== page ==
Parents Release Photo of Twins Born at 24 Weeks to Stop Late-Term Abortions

International   Micaiah Bilger   Aug 29, 2018   |   11:39AM    London, England

Two little boy’s miraculous survival has one British family advocating for a change to their country’s abortion laws.

Luci Hall and Joseph Barker, of Leeds, West York, said they cannot understand why England allows unborn babies to be aborted for any reason up to 24 weeks, the same point when their twin sons were born, the Daily Mail reports.

Charlie and Harvey Barker arrived after just 24 weeks in the womb in May 2017 and now are thriving at home with their parents.

“Seeing how well they’ve done does make you think about the abortion limit. I’d never even considered it before, I just accepted it,” Luci Hall said. “The thought of anyone getting rid of a baby that late is just awful. When I came home I signed a petition to have it changed.

“Harvey and Charlie are proof that a baby born at 24 weeks can survive,” she continued.

Their family is one of many advocating for a change to the country’s late-term abortion laws. However, the Royal College of Midwives and other wealthy pro-abortion groups are advocating for the opposite – late-term abortions for any reason up to birth, according to the report.

Hall said her pregnancy with the twins, her first, was traumatic. Early in the pregnancy, doctors diagnosed the twins with twin-to-twin transfusion, a condition in which one twin received more blood and nutrients than his brother.

Hall said her water broke at just 20 weeks of pregnancy, but her doctors were able to delay labor for another four weeks. At exactly 24 weeks, she went into labor and gave birth to the twins on May 21, 2017, according to the report.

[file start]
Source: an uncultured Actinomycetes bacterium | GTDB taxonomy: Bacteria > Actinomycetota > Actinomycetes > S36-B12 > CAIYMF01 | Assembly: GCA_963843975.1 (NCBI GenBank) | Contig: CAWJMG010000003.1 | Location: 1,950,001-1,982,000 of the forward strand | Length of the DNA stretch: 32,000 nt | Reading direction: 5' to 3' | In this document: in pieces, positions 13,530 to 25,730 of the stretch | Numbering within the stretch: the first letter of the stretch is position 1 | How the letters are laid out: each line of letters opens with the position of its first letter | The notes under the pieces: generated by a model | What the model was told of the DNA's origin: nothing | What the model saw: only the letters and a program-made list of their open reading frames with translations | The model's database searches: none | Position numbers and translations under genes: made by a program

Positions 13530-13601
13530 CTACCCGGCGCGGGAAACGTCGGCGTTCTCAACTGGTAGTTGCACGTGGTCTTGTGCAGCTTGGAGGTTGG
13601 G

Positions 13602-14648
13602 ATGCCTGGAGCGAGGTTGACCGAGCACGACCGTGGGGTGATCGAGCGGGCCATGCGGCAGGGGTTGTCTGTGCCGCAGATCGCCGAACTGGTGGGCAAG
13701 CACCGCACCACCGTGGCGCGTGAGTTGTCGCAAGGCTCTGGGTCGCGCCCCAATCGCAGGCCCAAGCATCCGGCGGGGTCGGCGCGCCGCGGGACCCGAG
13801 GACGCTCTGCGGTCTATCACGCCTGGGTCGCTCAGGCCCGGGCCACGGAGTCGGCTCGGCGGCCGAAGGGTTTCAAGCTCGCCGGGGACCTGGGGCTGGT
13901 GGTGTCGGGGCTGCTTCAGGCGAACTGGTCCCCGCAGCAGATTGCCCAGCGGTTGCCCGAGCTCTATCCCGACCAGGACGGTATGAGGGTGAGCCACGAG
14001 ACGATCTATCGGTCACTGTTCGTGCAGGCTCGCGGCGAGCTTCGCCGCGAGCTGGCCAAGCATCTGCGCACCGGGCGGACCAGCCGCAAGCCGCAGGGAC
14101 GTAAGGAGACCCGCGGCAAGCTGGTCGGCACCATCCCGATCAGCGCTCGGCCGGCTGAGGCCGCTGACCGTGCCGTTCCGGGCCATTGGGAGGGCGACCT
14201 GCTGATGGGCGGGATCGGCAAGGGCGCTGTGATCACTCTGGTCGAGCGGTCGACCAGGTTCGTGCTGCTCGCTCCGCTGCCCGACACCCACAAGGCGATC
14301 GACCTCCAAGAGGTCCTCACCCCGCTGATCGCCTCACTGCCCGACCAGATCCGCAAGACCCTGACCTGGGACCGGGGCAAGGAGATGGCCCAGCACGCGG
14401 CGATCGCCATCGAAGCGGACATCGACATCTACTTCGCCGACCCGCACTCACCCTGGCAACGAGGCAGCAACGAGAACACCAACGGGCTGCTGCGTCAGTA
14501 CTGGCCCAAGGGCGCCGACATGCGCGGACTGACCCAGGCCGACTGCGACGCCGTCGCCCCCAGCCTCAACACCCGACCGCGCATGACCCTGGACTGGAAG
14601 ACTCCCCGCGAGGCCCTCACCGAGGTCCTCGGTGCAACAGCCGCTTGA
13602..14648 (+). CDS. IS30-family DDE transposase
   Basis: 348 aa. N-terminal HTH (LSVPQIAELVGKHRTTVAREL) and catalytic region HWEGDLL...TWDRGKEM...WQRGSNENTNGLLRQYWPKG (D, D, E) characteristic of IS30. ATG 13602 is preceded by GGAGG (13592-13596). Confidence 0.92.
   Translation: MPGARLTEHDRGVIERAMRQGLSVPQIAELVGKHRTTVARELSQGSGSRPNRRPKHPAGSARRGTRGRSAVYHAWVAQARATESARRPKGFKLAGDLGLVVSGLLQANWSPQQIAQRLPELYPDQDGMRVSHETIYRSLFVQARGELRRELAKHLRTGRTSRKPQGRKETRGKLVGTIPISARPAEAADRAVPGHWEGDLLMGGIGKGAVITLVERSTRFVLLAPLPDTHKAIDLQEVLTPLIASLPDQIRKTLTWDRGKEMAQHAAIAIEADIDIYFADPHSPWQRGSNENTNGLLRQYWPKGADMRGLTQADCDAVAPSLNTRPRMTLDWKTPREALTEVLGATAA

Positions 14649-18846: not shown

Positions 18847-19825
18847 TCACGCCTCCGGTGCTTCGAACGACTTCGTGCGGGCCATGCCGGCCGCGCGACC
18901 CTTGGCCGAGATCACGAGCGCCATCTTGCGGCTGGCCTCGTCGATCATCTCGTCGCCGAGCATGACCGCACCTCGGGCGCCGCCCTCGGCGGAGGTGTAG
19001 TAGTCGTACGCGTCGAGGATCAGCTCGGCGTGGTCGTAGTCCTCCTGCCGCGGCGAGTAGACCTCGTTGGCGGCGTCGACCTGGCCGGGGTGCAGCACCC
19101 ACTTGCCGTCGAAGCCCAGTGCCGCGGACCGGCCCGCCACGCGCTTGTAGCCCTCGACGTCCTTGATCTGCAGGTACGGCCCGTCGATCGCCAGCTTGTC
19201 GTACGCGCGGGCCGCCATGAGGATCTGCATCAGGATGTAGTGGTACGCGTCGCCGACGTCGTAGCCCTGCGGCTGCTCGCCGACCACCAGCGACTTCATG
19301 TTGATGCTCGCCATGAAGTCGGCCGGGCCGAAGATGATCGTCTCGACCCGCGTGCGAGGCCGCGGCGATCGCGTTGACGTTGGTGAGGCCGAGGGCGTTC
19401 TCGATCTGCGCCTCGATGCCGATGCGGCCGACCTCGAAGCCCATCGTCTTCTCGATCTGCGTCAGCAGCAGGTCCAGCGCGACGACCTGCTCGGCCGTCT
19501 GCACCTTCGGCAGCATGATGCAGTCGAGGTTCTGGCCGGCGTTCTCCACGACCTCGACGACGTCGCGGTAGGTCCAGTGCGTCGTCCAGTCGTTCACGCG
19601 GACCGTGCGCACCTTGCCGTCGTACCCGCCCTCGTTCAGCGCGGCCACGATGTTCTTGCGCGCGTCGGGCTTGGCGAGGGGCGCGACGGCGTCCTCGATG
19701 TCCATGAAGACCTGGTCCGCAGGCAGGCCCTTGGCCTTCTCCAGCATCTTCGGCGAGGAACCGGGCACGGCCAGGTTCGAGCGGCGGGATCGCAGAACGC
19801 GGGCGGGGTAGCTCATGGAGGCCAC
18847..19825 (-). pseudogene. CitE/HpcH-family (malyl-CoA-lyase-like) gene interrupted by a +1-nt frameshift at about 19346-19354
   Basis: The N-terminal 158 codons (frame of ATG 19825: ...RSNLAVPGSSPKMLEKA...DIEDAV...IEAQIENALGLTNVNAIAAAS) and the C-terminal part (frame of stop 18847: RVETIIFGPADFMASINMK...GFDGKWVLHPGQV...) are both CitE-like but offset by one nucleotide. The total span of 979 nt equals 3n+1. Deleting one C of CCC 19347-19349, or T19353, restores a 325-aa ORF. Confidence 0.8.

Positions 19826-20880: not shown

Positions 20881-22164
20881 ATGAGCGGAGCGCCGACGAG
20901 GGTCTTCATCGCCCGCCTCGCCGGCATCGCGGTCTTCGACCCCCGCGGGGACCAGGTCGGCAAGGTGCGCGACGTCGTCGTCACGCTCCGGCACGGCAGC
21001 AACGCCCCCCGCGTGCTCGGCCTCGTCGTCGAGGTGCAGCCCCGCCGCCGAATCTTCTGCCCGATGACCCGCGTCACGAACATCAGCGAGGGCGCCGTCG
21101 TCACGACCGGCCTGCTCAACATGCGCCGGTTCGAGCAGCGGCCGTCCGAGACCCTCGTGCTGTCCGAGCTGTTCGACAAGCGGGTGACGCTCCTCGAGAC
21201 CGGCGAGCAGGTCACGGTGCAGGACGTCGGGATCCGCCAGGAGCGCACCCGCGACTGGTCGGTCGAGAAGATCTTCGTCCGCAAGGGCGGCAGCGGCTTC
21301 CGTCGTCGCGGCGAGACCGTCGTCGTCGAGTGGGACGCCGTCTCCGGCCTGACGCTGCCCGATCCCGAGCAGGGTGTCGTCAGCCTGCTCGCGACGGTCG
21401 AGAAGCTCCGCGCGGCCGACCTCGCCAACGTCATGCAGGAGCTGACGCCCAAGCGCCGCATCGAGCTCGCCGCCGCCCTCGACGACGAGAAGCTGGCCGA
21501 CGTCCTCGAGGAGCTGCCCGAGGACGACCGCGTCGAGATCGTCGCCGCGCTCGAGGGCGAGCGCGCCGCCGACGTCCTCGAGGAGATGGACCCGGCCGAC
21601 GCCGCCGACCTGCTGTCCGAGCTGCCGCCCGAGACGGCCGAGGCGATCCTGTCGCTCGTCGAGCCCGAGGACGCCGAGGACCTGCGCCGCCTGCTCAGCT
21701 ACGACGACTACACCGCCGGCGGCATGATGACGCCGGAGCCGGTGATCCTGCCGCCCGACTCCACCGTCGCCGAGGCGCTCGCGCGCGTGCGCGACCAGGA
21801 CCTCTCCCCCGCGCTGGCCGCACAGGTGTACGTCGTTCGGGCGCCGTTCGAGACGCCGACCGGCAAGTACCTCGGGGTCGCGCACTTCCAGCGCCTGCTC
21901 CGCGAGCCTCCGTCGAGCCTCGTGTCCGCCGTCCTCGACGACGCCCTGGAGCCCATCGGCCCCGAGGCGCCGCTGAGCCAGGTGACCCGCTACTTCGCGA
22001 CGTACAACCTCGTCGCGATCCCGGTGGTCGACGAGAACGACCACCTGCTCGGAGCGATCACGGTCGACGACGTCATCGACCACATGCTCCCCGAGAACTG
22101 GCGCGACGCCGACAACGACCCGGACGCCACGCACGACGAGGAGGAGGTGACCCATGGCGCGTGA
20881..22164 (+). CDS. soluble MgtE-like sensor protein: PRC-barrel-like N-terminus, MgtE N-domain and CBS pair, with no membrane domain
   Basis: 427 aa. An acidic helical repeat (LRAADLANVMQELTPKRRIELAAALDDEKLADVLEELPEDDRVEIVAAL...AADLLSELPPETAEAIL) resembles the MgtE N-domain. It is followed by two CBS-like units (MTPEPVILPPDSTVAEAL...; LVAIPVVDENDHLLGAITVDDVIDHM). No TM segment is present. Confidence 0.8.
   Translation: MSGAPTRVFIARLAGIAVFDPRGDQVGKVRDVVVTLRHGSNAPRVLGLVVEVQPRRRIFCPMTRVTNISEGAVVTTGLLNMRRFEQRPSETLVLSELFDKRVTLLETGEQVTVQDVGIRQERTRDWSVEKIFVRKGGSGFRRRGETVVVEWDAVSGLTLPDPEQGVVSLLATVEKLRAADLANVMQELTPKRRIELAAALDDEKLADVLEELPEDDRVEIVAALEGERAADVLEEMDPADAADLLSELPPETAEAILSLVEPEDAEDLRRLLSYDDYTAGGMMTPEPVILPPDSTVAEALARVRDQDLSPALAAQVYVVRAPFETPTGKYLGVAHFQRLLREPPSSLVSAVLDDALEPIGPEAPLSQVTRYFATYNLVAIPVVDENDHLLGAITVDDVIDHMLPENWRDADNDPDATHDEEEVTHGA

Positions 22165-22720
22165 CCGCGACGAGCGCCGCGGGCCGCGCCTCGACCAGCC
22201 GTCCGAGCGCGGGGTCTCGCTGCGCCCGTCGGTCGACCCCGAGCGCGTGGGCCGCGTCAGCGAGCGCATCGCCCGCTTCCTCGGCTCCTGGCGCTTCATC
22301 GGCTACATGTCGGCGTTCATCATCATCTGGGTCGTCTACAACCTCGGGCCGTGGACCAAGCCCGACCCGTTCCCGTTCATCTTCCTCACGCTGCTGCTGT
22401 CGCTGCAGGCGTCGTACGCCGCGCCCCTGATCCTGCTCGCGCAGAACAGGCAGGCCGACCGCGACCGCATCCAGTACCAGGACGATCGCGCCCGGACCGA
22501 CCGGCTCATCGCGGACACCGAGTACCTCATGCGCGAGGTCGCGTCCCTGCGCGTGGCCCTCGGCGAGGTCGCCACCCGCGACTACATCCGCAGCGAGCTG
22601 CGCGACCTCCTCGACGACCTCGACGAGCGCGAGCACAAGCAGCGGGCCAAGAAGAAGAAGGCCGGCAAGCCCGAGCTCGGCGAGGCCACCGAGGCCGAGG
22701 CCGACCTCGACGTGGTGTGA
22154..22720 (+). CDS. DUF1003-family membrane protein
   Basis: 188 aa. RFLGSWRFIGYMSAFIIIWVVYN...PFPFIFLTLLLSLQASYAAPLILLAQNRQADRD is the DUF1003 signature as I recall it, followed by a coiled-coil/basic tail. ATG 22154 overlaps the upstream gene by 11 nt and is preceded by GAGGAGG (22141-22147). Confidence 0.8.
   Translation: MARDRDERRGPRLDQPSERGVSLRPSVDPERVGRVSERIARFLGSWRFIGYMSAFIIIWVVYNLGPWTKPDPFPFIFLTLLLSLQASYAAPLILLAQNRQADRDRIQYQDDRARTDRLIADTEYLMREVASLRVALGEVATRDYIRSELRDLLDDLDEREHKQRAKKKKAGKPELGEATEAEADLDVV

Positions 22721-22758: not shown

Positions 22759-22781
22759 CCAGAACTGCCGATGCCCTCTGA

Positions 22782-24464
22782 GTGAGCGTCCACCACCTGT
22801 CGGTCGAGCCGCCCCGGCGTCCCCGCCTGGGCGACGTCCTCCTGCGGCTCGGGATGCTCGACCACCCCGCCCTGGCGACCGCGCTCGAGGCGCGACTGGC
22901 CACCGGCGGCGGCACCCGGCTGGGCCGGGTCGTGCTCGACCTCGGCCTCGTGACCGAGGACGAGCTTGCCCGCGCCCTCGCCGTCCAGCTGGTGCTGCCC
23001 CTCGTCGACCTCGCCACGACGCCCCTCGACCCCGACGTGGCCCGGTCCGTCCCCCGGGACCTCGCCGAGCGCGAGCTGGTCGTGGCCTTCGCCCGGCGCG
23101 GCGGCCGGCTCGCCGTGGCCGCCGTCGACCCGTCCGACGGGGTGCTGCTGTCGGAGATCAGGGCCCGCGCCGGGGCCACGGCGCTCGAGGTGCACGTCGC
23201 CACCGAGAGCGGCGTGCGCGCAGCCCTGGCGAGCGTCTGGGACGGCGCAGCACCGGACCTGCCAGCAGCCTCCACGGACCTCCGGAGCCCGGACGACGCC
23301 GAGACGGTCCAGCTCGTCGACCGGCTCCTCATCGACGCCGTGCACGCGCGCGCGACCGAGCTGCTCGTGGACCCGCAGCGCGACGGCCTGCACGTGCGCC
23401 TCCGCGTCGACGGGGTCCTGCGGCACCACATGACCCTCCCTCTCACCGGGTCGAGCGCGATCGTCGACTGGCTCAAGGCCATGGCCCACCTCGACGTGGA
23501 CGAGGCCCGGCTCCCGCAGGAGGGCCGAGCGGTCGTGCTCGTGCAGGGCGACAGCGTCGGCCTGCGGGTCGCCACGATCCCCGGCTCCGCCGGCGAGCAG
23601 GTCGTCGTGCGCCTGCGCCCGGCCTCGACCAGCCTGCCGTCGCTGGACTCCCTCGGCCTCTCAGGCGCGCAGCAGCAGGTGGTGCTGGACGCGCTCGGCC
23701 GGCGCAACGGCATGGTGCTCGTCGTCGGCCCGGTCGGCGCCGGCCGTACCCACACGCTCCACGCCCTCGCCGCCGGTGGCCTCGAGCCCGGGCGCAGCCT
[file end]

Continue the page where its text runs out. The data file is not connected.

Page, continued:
“When they were born they were both rushed straight to intensive care, I didn’t get to hold them or see them. Joseph just got to quickly take two photos,” she said. “I couldn’t even get upset about not getting to hold them because I was in shock. …

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“We got to see them three hours later and that’s when it really hit us. They were so tiny, you can’t even imagine a baby that small. It was really frightening,” she said.

Doctors warned them that the twins could die. Both weighed a little more than 1 pound, and Hall said her sons were so small that they fit in the palm of her hand.

“Their chances of survival were so slim that we were told to take it hour by hour. They told us not to think about the future because it was so uncertain,” their mother said. “We were so scared thinking about losing one of them or both of them, it was devastating.”

The twins spent about four months in the hospital and were discharged in September, according to the Mirror. However, in October, Harvey was readmitted after he stopped breathing.

Charlie and Harvey now are 15 months old and home with their parents.

“I am the proudest mum in the world and everything we’ve had to go through just makes me appreciate my boys so much more,” their mother said.

Hall and Barker said their sons helped them see how England’s abortion laws devalue the lives of children like Charlie and Harvey. They are not alone.

Parents of premature babies have been calling on their legislators to change abortion laws in the U.S. and England to reflect the new viability lines. Previously, 24 weeks generally was considered the point of viability. Abortions are illegal after 24 weeks in England and in a number of American states.

However, a 2017 Duke University study found babies born at just 23 weeks gestation are surviving outside the womb at a greater rate than ever before. Researchers examined 4,500 babies between 2000 and 2011 and found a “small but significant drop in fatalities for babies born between 23 and 37 weeks gestation,” as well as a decrease in premature babies manifesting with neurophysiological problems, the Daily Mail reported.

In 2017, the journal Pediatrics highlighted a baby girl in the United States who survived after being born 21 weeks and four days after conception. The girl, who now is 3, is believed to be the youngest premature baby to survive.